Appalachian Thursday – What do diamonds, women who dunk, and stalagmite sitting have in common?

Today is WV Day. But you probably already knew that. My home state is turning 156 and in honor of the day I thought I’d share some unusual facts about the Mountain State. The largest diamond ever found in North America was discovered in Peterson, WV, by the Jones family. They kept it in a cigar box for 14 years before realizing that it wasn’t just a piece of quartz, but rather a 34.5 carat diamond. About 75% of the state is covered by forests with nine state forests and 37 state parks. The New River in WV is actually among the world’s oldest rivers and runs from south to north instead of north to south like most other rivers in the U.S. The first woman to dunk a basketball in a college game was WV University center Georgeann Wells in 1985. In the northern panhandle the city of Weirton touches Ohio on one side and Pennsylvania in the other. In 1972 spelunker Bob Addis set the world record for stalagmite sitting in New World Caverns in WV. He stayed up there for 16 days. When it seceded from the Union, plans were to call the state Kanawha, but they went with a shortened version of Western Virginia since that’s what everyone was already calling it. And cursed natives to hear, “So you’re from Western Virginia–right?” from then on. Happy birthday, Mountain state!

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Memorial Day – Remembering Veterans

Memorial Day is a day set aside for remembering those who have died in the service of our nation. Originally, it was proclaimed in honor of the Civil War dead by General John Logan, national commander of the Grand Army of the Republic. The order became official on May 5, 1868, and was first observed on May 30 of that year. Memorial Day has also been called Decoration Day because it was the tradition to decorate the graves of those who died in the war. The day was moved to the last Monday in May in 1971 to ensure a three-day weekend. In 2000 a resolution was passed to try and help remind Americans of the true meaning of the day. Signed by Pres. Bill Clinton it includes the statement: “Encouraging individual department and agency personnel, and Americans everywhere, to pause for one minute at 3:00 p.m. (local time) on Memorial Day, to remember and reflect on the sacrifices made by so many to provide freedom for all.” So I encourage you at 3 p.m. this afternoon, to stop whatever you’re doing and say a prayer of thanks for those who have died to protect us and for those who are, even now, willing to do so.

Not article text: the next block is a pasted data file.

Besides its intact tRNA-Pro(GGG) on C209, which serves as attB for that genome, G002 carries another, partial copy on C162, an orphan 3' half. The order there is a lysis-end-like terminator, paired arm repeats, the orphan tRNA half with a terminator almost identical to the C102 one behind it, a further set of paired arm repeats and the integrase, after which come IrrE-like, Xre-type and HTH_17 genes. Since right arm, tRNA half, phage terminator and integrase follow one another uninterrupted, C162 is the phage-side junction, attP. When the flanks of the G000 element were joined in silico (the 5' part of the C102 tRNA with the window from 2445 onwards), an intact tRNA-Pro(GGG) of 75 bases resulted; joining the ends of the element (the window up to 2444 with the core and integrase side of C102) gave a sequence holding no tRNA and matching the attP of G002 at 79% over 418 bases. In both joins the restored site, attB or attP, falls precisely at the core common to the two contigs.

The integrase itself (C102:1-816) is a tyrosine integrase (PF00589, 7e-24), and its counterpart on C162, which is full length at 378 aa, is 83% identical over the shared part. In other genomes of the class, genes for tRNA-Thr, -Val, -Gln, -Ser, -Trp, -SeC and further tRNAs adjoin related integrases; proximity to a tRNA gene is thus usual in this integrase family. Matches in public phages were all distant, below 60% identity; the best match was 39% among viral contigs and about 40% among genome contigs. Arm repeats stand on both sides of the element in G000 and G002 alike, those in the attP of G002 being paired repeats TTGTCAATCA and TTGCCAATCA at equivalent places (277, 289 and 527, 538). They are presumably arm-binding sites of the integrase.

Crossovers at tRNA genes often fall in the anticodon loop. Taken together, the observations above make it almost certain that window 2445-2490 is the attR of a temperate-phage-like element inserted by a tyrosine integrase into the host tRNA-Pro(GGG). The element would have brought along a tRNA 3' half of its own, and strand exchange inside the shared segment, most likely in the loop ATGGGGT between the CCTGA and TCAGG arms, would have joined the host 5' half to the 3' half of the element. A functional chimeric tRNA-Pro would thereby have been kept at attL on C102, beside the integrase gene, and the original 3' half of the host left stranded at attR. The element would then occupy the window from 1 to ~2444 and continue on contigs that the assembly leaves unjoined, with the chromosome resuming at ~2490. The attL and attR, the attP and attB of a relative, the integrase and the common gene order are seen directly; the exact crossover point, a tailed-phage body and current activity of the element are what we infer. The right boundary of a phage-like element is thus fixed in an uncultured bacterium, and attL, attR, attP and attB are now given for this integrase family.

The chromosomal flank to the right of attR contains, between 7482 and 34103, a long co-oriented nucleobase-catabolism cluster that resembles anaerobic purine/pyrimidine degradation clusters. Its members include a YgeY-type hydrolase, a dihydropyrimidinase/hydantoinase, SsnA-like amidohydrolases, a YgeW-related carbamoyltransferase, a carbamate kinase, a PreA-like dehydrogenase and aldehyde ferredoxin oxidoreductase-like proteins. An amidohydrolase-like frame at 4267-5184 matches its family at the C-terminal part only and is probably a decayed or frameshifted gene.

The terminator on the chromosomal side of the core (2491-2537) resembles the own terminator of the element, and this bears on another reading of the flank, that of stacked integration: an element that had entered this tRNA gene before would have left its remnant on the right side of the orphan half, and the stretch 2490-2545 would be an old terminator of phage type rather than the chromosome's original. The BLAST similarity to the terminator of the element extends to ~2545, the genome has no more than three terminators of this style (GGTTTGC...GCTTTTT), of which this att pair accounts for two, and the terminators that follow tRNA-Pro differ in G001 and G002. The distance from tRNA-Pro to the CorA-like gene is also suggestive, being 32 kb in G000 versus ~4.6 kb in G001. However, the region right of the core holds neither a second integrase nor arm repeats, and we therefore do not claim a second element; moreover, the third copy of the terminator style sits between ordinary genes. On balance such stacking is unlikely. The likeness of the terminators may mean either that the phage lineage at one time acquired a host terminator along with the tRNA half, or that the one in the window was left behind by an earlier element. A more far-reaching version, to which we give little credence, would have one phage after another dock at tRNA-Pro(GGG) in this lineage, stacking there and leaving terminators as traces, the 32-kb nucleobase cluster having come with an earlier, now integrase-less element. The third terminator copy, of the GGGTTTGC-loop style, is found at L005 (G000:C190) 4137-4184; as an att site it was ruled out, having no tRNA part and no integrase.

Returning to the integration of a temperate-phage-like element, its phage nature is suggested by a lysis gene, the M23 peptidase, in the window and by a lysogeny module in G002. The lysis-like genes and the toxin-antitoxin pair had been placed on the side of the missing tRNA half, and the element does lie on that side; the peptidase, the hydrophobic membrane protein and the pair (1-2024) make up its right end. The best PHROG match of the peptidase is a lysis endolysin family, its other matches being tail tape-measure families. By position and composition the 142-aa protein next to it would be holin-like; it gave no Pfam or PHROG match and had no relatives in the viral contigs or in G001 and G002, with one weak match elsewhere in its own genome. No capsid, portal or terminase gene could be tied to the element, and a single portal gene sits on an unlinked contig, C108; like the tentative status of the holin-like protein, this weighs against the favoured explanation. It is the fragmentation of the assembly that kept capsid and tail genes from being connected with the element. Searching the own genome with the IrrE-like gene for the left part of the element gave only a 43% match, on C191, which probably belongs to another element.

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Appalachian Thursday – Decoration Day

Monday is Memorial Day–the unofficial start to summer. And in Appalachia it means time to start planning for Decoration Day. Usually held on a Sunday in June, this is a day when cemeteries would be tidied and flowers placed on the graves. I’m not talking about those silk monstrosities either. I’m talking roses and daisies and mountain laurel. Maybe some […]

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April Fool’s in Appalachia

Just in case you didn’t notice, today is the first day of April. OR April Fool’s Day. I’ve never been a fan of April Fool’s jokes, but there IS a long-standing tradition of natives of the mountains (or most any place) playing tricks on outsiders who aren’t familiar with the local habits. Take Snipe hunting for example. Now, there IS […]

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How to Celebrate the Lenten Season

Okay, so not many folks think of Lent, which starts this Wednesday, as a celebration. This is, after all, a serious time when we’re meant to reflect, repent, and ponder Christ’s sacrifice for us. But I love Lent and, for me, it’s a somber celebration. I relish the notion of having a time set aside to actively anticipate and prepare for the best worst thing that ever happened. It’s the ultimate looking forward to. So, how to celebrate Lent? First, I like to consider whether to give up/sacrifice something or add something. I’ve given up specific foods (French fries!), credit cards, shopping, checking reviews of my books, and one year I even gave up fear. That one was tough! I think I’ve only added something once–it was the fruits of the Spirit. Now that was a good year! If you’re giving something up, it should be a challenge. If it’s not hard, what’s the point? One year I gave up candy. Where I work there’s a candy dish in every office. It was tough not even snagging a mint! On the flip side, this probably isn’t the time to stop smoking if you’ve been a pack-a-day smoker for years. I’ve toyed with giving up sugar, but recognize that would be setting myself up for failure. If you’re adding something, make sure it’s something you can stick to as well. Pray as you drive to work each morning. Read one of the Psalms […]

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